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In 2012 a Wisconsin man bought a gun from another individual in a private sale through an advertisement placed at Armslist. He then used the gun to shoot up a salon where his estranged wife worked, killing three people. The fact that he was under a restraining order and a prohibited person didn’t present much of an obstacle.

The Brady Campaign had sued Armslist on behalf of one of the victim’s families and the case has been bouncing around the Wisconsin court system for the last six-plus years. The suit had been thrown out based on protections provided by the Communications Decency Act. That court ruled that Armslist is functionally no different from any other seller of advertising such as a newspaper classified section (remember those?) or Craigslist (if they accepted gun-related ads).

Then the Wisconsin Supreme Court had dismissed the suit after a lower court revived it in 2018. Now, after an attempt to revive the suit with an appeal to the United States Supreme Court, SCOTUS has finally put an end to this punishment by process, once and for all.

From the Associated Press . . .

The Supreme Court won’t revive a lawsuit against a firearms website over a suburban Milwaukee spa shooting.

The justices rejected an appeal Monday from the daughter of one of three people shot to death by a man who illegally bought a semi-automatic pistol and ammunition from someone he met through Armslist.com.

The Wisconsin Supreme Court dismissed the suit, ruling that federal law protects website operators from liability for posting content from a third party. The state court rejected arguments that websites that enable gun deals must take reasonable care to prevent sales to people prohibited from purchasing firearms. The Wisconsin shooter was under a court order that prohibited him from possessing guns.

A similar lawsuit filed by a Boston police officer is pending in state court in Massachusetts.

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38 COMMENTS

    • This isn’t a ruling — it’s a denial of cert, so it creates no federal precedent. There weren’t at least 4 Justices who thought it was worthy of their time, like 99% of the appeals. Even if the Massachusetts case decides the other way, this case is only precedent in Wisconsin state, so there wouldn’t be a split in federal districts.

      • Agreed 110%. One thing that I’ve noticed is that scotus does pay attention to the pulse of the nation when making their rulings. So I believe it is important for us to continue to present a united front in our support for restoration of our right to what was originally intended. Anything short of that is unacceptable. And that scotus forces the state and local governments to comply with our Constitution – as intended.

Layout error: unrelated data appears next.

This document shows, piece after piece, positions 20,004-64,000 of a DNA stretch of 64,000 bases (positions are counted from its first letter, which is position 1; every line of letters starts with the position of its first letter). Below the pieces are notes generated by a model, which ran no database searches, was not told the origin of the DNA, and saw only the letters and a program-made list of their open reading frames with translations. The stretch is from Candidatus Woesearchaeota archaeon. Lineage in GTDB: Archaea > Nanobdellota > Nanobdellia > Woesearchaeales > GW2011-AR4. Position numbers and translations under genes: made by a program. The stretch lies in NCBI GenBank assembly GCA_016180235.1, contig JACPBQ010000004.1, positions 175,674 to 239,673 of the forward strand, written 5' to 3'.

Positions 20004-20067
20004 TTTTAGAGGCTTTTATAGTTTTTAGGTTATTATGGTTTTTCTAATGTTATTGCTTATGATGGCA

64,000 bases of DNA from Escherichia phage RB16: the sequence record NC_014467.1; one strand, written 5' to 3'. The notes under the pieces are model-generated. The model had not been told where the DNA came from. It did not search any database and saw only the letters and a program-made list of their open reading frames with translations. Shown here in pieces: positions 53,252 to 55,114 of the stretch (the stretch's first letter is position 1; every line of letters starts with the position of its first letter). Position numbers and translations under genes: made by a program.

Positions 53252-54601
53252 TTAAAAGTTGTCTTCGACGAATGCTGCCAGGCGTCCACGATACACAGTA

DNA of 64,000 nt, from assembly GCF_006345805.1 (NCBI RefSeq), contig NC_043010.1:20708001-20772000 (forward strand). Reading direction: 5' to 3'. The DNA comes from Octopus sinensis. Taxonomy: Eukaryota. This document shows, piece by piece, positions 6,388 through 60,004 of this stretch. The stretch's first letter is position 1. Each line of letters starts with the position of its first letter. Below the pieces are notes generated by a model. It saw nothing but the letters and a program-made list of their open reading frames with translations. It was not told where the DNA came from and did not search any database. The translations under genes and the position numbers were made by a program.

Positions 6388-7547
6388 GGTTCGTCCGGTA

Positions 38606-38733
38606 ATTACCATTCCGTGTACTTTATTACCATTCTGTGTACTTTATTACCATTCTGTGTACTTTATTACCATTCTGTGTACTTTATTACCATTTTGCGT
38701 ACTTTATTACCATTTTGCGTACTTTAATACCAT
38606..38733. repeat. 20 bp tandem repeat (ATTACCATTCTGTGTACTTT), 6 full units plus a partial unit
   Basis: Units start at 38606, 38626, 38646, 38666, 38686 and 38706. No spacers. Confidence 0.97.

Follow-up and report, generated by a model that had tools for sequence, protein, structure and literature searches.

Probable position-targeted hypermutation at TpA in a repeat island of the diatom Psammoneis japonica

• Nope, they will skip out and leave someone else holding the bag. Again. I think anyone suing a gun manufacturer for anything other than a failure to function as designed should be required to post bond for the amount they are using for with the minimum being one million dollars, and if they lose the bond is paid to the person or persons being sued.

    • Armslist isn’t a manufacturer or dealer, so PLCAA doesn’t apply. They have to foot their own legal bills, so the antis can try to drive them out of business by filing continuous lawsuits. Luckily, criminals buying through legitimate channels is rare, so they’ll have to work to find plaintiffs.

  1. It never ends.

    Now Brady Bunch can join the suit (or at least add funding) about illegal advertising of firearms in a manner to entice young people to act out their fantasies about being macho gunmen.

    • Follow the money. If the Brady Bunch was serious about “gun violence” they would be in the inner cities confronting the gangs with illegal/stolen guns. No money to be had from the gang businesses, but big money from suing legit businesses.

      • “Follow the money.”

        Always good advice. In the matter of suppressing the Second Amendment, money is an artifact, not a motivation. The motivation behind gun control groups is pure evil, pure racism. Take a look at the pictures of all these anti-gun groups. Notice the monochromatic nature of the participants – while liberals. Notice also that none of those pictures are taken in the inner cities – white liberals. Then notice the overall complaint of these white liberals – “We are good people, and we don’t feel safe where good white people congregate.”

  2. Maybe I missed it but was it reported what the split was among SCOTUS or was it unanimous?
    Either way this should put a stop to the similar suits against stores, Bushmaster and whatever else has arisen from the ashes of dead children by people wishing to make a fortune off of their deaths.

  3. Ahh, the tried and true, “but guns…” legal theory. No matter what the law says, “but guns” is all that matters.

    Thank goodness SCOTUS doesn’t play that game.